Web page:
The Trump administration is redefining—and undermining—Citizenship and Immigration Services
Since President Trump has taken office, the USCIS has been a special focus of his administration’s attention. From striking the phrase “America’s promise as a nation of immigrants” from its mission statement, to eliminating the word “customers” to describe the people the agency serves, the result seems to be a regression to red tape, long processing waits, and an atmosphere of hostility towards immigrants. According to USCIS Director Lee Cissna, whose own mother immigrated from Peru, the removal of such language is meant to reflect that USCIS serves the American people, not the immigrants whose cases it processes.
Under President Obama, progress was made toward making the USCIS more efficient and less complicated. For example, it took just six months for a lawful permanent resident to naturalize. Under President Trump, it takes more than a year. Prospective immigrants are even having a more difficult time getting assistance from the USCIS help lines, including a special line dedicated to those serving in the U.S. Armed Forces. What were once helpful resources have become time sinks that offer little in the way of assistance or information.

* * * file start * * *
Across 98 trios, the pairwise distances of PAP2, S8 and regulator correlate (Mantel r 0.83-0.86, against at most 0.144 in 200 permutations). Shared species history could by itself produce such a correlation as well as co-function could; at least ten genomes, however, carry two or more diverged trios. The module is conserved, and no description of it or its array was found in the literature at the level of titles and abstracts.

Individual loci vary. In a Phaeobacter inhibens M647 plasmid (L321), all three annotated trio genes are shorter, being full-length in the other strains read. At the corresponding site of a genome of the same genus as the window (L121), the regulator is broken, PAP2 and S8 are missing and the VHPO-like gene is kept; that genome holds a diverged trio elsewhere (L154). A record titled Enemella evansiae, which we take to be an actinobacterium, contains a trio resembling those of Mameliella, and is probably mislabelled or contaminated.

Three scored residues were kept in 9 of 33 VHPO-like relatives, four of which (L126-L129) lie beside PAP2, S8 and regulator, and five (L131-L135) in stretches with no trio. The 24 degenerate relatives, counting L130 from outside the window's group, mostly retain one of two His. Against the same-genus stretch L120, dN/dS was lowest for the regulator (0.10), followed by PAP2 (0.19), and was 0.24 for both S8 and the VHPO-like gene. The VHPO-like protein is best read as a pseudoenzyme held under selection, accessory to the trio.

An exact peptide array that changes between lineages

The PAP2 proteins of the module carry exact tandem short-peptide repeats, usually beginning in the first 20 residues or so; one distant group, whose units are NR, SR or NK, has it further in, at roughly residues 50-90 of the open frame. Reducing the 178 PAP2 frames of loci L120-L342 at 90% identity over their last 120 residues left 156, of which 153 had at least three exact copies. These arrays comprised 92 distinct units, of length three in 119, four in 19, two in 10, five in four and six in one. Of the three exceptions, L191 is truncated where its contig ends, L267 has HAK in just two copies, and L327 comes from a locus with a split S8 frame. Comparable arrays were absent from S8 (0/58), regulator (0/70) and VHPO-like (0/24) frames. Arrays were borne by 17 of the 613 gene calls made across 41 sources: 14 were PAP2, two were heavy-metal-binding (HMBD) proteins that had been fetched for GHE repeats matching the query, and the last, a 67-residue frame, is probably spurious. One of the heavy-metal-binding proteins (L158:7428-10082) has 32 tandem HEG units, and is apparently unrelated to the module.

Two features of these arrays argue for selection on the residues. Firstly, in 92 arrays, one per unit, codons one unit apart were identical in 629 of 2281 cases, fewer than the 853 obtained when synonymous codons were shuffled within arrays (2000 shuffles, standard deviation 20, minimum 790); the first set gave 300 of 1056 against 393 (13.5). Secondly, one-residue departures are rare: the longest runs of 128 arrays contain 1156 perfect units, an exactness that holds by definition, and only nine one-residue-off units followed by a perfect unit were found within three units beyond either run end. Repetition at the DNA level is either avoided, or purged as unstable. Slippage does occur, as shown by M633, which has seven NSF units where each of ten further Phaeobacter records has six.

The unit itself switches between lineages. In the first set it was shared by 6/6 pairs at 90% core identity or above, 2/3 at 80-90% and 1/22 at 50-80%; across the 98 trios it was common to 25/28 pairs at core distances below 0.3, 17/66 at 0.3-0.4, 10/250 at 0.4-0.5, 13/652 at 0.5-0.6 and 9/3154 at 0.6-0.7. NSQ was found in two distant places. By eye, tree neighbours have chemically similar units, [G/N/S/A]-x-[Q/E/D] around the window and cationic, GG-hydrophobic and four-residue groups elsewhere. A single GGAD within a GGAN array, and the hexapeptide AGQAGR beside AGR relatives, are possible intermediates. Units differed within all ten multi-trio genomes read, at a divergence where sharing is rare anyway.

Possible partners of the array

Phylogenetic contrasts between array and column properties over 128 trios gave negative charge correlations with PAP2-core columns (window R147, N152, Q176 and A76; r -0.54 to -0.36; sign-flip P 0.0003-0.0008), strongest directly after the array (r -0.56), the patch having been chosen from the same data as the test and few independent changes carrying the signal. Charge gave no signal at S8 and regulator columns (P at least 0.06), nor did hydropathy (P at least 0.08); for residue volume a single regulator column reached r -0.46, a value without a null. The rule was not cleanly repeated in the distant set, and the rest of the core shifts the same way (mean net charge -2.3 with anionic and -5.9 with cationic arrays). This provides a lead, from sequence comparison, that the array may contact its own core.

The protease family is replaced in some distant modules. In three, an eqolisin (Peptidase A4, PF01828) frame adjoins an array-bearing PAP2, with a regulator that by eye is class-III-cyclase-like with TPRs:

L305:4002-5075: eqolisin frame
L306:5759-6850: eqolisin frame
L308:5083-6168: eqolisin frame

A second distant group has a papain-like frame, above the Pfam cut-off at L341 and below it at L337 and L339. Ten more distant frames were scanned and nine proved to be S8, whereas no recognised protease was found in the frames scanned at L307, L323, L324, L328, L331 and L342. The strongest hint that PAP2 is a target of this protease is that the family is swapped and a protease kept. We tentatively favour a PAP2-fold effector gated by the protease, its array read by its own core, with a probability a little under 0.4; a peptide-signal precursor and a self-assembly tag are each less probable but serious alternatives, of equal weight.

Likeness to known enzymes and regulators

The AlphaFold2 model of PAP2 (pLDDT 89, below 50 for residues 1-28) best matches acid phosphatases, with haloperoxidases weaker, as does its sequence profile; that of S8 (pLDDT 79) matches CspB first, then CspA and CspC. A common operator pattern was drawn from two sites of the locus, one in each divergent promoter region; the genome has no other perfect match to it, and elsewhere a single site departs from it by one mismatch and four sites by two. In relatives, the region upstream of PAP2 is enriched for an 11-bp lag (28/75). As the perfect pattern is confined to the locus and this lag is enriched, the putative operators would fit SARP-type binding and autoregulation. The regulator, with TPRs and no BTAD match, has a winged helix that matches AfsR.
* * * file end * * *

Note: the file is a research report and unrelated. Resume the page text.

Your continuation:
Because Congress has not advanced comprehensive immigration reform, and seemingly cannot agree on how to make the immigration process more resilient or more efficient, President Trump has had free range to make changes within his power as he sees fit. These changes are especially detrimental for an immigration system that is so backlogged, extending USCIS processing times across the board. It appears that the administration’s purpose is to deliberately cause delays, frustrating applicants and even deterring prospective immigrants from applying in the first place. In effect, they seek to build an invisible wall to coexist with the physical one that the administration is bent on building.
We oppose all efforts by this or any administration to circumvent the rights and processes our laws grant naturalized citizens, legal permanent residents, and anyone else seeking legal status in the United States. Please call our office at 414-533-5000 to set up a consultation.